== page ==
In the People’s Republic of China film making is often referred to as ‘an art of regret’ 一門遺憾的藝術. The expression is attributed to the film-maker Xie Jin 謝晉, a Shanghai cinéaste with a celebrated career as a talented party propagandist; as such the expression ‘art of regret’ may well sum up Xie’s own frustrations, not only with the limitations of film, but with the political imperatives that dogged him, and which he served.
Andrea Cavazzuti’s work offers us other regrets: regret about a time, only ten years ago, when party-commercialisation had not entirely suffocated local creativity; regret over a revived and now fading art form; regret regarding the nature of documentary film itself; and, the ever-present regret resulting from the frustrations attendant upon those who seek independent funding to pursue their work. His then is a story of regret, the first part of which we present here.
Andrea Cavazzuti was born in Milan in 1959, although raised in Carpi (a town near Modena and Bologna). Originally interested in computer science, he graduated in Chinese language and literature from Ca’ Foscari University in Venice. After two years at Fudan University in Shanghai (during which time he pursued an interest in black and white photography), and military service in the Italian Alps, he worked as an area manager for a major company in Hong Kong. In 1990, Cavazzuti opened a representative office for the same company in Beijing but, in 1999, at the height of his business career, he resigned to pursue artistic endeavours. He had continued to make photographs and, in 1994, he started working with video. His first significant film was a trilogy about contemporary Beijing with the artist Olivo Barbieri, followed by Fiction Kids and another trilogy — The Fastest Museum in the World — with Carlo Laurenti. Since then he has collaborated with Chinese and international artists on numerous film and video projects. He lives in Beijing.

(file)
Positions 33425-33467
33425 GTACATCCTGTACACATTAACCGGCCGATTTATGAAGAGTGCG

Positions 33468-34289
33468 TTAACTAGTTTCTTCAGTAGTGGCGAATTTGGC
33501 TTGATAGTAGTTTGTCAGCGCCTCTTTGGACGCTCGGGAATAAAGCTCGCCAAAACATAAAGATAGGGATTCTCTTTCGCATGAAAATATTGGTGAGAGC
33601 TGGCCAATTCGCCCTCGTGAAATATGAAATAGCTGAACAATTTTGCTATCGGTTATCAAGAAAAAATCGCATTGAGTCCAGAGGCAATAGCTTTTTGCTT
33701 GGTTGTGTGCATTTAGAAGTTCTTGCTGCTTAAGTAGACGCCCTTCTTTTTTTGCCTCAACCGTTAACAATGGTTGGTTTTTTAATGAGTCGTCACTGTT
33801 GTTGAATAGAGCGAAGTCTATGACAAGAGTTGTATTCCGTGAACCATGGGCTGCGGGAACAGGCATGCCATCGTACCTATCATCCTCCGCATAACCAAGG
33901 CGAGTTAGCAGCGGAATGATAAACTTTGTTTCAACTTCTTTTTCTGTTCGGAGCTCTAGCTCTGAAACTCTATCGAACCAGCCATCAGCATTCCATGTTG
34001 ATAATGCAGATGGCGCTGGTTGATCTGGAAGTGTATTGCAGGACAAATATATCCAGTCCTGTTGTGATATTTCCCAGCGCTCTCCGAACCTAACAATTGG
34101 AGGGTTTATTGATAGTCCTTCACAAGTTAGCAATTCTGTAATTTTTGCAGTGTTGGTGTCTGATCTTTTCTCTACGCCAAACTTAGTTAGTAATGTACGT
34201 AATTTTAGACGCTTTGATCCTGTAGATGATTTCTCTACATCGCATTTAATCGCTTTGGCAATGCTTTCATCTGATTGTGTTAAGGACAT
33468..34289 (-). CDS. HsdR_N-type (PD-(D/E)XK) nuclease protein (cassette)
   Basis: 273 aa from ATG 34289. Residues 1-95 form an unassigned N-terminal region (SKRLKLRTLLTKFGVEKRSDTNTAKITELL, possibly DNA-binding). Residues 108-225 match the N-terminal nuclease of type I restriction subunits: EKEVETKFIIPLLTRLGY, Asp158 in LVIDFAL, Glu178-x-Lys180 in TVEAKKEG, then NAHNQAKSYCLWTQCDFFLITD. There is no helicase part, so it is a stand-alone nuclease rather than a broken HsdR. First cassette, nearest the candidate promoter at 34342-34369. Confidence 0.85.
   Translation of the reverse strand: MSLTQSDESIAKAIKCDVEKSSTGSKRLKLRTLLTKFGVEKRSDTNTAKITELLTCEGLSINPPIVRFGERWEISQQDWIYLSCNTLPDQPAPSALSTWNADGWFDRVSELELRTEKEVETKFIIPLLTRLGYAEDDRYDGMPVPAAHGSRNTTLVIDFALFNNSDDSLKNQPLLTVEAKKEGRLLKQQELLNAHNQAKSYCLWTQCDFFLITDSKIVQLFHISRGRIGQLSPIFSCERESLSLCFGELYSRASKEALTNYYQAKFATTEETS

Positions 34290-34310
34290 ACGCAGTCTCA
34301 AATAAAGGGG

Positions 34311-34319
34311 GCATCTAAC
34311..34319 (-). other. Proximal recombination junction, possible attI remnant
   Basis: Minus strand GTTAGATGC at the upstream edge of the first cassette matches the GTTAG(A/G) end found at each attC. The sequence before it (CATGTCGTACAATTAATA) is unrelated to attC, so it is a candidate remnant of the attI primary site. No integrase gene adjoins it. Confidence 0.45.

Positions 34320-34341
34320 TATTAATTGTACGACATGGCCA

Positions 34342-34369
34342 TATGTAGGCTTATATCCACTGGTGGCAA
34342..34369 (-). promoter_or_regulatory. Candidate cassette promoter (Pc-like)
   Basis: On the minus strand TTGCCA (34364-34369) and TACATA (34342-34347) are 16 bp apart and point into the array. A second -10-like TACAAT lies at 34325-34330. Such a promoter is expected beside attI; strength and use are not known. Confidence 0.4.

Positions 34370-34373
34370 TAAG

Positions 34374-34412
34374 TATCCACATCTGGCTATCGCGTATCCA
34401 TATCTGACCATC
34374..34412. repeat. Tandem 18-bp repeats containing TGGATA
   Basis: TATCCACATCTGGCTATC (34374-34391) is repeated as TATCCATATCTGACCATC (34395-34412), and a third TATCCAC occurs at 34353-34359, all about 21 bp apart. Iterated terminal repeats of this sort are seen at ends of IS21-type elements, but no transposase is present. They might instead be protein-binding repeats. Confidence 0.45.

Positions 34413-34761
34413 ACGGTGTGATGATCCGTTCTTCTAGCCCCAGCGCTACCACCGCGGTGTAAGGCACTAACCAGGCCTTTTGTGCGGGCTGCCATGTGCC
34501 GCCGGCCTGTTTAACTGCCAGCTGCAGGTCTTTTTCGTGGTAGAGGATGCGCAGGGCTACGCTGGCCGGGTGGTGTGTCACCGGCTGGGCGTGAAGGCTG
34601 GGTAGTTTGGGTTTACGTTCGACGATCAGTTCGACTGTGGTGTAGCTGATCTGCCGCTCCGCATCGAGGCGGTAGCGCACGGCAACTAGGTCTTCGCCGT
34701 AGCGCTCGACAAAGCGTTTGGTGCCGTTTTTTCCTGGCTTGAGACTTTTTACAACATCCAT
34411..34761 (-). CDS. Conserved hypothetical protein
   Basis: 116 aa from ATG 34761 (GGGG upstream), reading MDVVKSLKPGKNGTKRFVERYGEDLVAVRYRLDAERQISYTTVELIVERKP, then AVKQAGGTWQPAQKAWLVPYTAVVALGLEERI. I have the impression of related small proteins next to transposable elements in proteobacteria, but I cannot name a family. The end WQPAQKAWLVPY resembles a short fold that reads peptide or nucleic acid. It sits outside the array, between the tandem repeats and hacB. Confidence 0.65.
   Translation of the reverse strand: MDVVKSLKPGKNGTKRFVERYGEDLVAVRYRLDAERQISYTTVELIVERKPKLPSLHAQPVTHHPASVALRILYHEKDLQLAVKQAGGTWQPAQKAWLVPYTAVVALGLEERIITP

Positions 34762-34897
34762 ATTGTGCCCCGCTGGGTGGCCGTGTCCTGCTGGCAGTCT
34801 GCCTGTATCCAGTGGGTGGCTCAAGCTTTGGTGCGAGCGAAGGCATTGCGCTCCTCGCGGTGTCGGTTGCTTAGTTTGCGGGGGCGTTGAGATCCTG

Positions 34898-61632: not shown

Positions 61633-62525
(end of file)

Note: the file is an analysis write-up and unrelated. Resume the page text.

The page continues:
‘Stories of Regret, Part I — the Zhang family of Huayin’ was edited by Andrea Cavazzuti for China Heritage from his film ‘Fest Bianche, Caos e Marionette (Breve viaggio musicale tra Shanxi e Shaanxi)’.
— Geremie R. Barmé, Editor, China Heritage
Stories of Regret, Part I
The Zhang Family of Huayin
In 2007, I embarked on an ambitious project with Wu Man 吳蠻, a celebrated Chinese musician based in the United States. Wu is expert in the art of the pi’-p’a 琵琶. Our hope was to film and record living examples of local traditional Chinese music. By ‘traditional’ we meant musical forms that had been performed and transmitted over the centuries. The ‘living’ were those musical works and performers that were still vitally part of modern China, as well as being lively.
Aided in our project by various musicologists such as Stephen Jones, and others from the China Arts Research Institute 中国艺术研究所 and the Shanghai Conservatory 上海音乐学院, we identified some musical groups that were still active in Shanxi and Shaanxi, provinces in northwest China.
In 2008, Wu Man and I travelled to Huayin 華陰 county at the foot of Hua Mountain 華山 in north-eastern Shaanxi Province. One of China’s Five Sacred Peaks 五嶽, Mount Hua was celebrated in 1935 by the then-Beijing-based photographer Hedda Morrison in a book about the peak and the Taoist practitioners who lived there.